Evidence That It Works
In one study, participants instructed to think about a past offense in a compassionate way—to engage in what the researchers call “compassionate reappraisal”—reported greater empathy, forgiveness, positive emotions, and feelings of control, compared with participants instructed to ruminate on or suppress negative emotions about the offense. Compared with the rumination group, the compassionate reappraisal group also showed less eye muscle tension (which is associated with intense emotion) and lower heart rate.
Why Does It Matter?
Scientists who study forgiveness in organizations point out that conflict is inevitable in the workplace, including schools. Working closely with our colleagues on a daily basis gives us many opportunities to hurt or offend another person—whether we mean to or not. And yet rather than deal with the hurts directly, we sometimes choose to avoid the person, become defensive, or, as what often happens in the school staff break room, start backstabbing each other—all of which contribute to a negative classroom and/or school climate.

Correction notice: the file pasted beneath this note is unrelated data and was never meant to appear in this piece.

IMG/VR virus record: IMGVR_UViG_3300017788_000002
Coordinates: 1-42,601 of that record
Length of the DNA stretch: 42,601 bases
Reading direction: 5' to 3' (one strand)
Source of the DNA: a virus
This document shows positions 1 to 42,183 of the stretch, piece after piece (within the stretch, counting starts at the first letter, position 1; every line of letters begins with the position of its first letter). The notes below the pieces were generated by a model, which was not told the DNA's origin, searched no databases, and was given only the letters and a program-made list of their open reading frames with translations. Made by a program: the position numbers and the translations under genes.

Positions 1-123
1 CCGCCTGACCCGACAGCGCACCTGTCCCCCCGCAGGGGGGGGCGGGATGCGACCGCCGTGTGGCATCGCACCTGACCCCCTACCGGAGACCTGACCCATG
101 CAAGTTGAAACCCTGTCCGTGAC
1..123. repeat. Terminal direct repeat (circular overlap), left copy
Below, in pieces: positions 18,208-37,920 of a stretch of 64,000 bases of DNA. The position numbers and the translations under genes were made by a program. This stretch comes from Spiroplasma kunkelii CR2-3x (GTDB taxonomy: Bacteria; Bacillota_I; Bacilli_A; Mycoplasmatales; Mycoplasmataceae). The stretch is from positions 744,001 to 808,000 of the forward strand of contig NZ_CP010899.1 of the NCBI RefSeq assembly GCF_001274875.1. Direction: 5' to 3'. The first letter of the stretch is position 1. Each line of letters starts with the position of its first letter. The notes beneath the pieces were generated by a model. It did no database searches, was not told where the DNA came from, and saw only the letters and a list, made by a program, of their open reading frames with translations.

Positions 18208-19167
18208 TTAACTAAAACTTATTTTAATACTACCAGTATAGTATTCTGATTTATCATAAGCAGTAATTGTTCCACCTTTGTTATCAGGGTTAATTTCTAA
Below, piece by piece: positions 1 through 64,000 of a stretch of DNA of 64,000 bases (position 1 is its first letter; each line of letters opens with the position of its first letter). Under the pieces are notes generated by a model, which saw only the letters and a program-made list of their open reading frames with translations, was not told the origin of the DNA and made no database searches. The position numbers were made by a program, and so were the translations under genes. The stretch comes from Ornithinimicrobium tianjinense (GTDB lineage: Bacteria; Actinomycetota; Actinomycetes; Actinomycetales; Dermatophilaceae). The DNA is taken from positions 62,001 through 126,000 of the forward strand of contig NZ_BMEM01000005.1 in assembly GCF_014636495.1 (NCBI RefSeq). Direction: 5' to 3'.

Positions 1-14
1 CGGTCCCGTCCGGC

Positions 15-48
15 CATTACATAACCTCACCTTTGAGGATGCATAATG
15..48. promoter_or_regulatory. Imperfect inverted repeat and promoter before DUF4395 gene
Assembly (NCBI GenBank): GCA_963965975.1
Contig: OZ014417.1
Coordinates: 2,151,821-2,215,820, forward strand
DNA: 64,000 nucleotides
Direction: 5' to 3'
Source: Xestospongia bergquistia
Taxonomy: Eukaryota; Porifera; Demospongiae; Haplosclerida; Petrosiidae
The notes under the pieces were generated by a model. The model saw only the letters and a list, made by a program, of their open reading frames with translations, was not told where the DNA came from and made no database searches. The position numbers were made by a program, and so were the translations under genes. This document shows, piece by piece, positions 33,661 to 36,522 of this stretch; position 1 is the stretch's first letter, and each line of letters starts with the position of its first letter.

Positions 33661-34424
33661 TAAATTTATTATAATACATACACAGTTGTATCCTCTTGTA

When we are hurt or betrayed by someone, it’s understandable to feel angry and view the person in a negative light. However, persistently dwelling on these painful feelings can keep us stuck in a grudge, which is highly stressful and wreaks havoc on our physical and mental health.
One way to loosen the grip of anger and hostility is to change the way we think about the person who hurt us. Research suggests that when people view offenders as fallible human beings who behaved badly but have the potential to change, they experience emotional and physiological benefits, such as increased positive emotions and a more stress-resilient cardiovascular system.